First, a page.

If anyone understands customer service and how important not wasting time is, it's Bell. He transferred from the military's largest post office at Rhein-Main Air Base in Germany to Saudi Arabia in spring 1990. Then Iraq invaded Kuwait, triggering Operation Desert Shield, and virtually overnight he saw his operation grow from 18 people handing 50 mailbags a day to 160 sorting 50 bags every half-hour.

"Customer service means that all the individuals who provide it are trained to the same level," Bell says. "I'm not going to waste money. I'm going to empower myself."

Home automation is one way he can do this, he says. By adjusting his smart thermostat to control energy costs, Bell can save about $100 a month, for example.

Appliance modules on his Vivint app allow him to start the oven or turn on his coffeemaker by smartphone. They also allow him to control the lighting.

Adding to the existing smart system is easy, Gantt says.

"One of the best features is how easily hardwired sensors can be changed into wireless ones," says Gantt, noting that wireless technology and smartphones make automation systems available to those with older homes, too.

Wireless technology lets Bell, on his smartphone, talk through the control main "box" at the doorway to the thermostat, or over the Internet to the coffeemaker.

This is "Z-wave" technology, akin, Gantt says, to Bluetooth. More than 160 home-automation manufacturers use it.

The ability to add on to existing automation packages reduces costs - a good thing because what was new yesterday is old today, and change comes fast.

"In January, new technology will have doorbells that take a snapshot of the person pressing the button and transmit it to a screen for the homeowner to see," Gantt says. And that's only one advance.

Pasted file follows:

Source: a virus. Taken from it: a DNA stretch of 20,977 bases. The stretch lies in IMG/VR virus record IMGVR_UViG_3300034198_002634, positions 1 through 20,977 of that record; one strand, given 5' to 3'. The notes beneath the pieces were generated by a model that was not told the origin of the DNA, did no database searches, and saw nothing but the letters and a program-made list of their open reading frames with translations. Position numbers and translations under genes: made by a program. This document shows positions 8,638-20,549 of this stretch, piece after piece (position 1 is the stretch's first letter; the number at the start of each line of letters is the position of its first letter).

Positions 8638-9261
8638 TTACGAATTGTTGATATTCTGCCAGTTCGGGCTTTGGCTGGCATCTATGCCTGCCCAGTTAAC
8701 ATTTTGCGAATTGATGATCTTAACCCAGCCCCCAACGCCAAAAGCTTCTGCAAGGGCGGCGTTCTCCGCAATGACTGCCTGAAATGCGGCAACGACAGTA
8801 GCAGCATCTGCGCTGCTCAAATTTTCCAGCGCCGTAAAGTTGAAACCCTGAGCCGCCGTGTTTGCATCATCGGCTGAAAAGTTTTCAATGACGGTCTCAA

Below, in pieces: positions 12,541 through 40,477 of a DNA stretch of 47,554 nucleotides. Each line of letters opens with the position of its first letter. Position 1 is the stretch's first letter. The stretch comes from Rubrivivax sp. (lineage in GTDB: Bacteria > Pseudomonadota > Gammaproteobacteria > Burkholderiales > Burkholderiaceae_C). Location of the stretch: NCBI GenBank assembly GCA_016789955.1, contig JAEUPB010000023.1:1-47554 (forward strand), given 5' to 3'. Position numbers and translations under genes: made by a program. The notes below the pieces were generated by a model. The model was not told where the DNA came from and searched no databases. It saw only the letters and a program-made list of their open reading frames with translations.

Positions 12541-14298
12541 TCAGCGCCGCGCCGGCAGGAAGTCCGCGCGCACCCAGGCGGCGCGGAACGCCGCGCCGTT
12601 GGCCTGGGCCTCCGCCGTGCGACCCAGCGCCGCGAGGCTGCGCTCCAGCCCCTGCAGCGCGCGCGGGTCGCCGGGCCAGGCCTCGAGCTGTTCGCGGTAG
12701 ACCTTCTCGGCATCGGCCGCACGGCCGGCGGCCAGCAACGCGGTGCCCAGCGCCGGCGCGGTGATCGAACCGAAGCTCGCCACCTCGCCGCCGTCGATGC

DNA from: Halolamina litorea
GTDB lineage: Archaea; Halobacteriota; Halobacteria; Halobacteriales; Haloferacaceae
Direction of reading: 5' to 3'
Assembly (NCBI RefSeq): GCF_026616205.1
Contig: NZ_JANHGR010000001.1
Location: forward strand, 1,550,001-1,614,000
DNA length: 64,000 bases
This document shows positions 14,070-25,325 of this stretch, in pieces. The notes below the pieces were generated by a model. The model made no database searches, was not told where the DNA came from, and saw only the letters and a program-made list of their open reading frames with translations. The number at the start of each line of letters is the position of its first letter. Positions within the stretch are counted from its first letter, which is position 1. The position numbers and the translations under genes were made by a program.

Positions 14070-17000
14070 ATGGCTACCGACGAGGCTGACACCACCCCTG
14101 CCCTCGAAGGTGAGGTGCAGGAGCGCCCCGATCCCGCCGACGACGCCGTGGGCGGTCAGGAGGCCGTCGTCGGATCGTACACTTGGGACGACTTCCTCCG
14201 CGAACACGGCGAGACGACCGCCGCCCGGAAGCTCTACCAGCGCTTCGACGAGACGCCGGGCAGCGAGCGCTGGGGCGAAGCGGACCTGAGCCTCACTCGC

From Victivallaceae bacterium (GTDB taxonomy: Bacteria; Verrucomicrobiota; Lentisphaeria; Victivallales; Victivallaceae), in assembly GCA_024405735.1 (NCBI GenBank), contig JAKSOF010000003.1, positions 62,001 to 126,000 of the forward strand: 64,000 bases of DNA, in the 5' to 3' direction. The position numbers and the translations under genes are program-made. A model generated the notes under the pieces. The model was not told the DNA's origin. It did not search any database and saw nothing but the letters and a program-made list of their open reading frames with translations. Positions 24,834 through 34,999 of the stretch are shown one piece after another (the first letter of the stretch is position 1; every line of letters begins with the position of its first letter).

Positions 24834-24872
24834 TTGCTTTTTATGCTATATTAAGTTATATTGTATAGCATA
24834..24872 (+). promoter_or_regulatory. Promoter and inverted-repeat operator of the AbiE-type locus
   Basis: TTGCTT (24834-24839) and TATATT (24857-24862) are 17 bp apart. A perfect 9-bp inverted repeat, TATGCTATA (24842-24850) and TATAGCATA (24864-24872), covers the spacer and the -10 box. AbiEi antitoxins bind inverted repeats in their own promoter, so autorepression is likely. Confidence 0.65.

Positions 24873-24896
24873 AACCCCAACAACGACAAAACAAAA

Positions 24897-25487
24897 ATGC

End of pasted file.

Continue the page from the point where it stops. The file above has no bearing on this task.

Several factors are driving new entrants into the market, says ABI Research: connectivity, with high home broadband-penetration rates; the potential for embedded cellular connections to connect systems; and smartphone apps that allow consumers to control and check their homes wherever they are.

Market changes are also making home automation more affordable. A traditional large up-front installation and equipment purchase is increasingly being replaced by monthly subscription offerings, often bundled along with existing services.

"The focus is on safety and convenience," says Gantt, whose territory of Vivint extends from Harrisburg into New Jersey. "Technology is taking these concerns to the forefront."

Builders, shaking off nearly seven years of lagging sales and construction, appear to have renewed their interest in home automation.

This year's New American Home, a show house built for the National Association of Home Builders convention, emphasized technology that could be scaled from a 2,500-square-foot residence up to 25,000 square feet.

"It's not just smart . . . it's brilliant," the builders group quipped earlier this year.

Bell says he switched to Vivint after the company called out of the blue one day late in 2003 and extensive follow-up research led him to call back.

"The customer-service rep said he'd call me back Tuesday at 8 p.m.," Bell recalls. "He did."

Contact Alan J. Heavens at 215-854-2472, aheavens@phillynews.com or @alheavens at Twitter.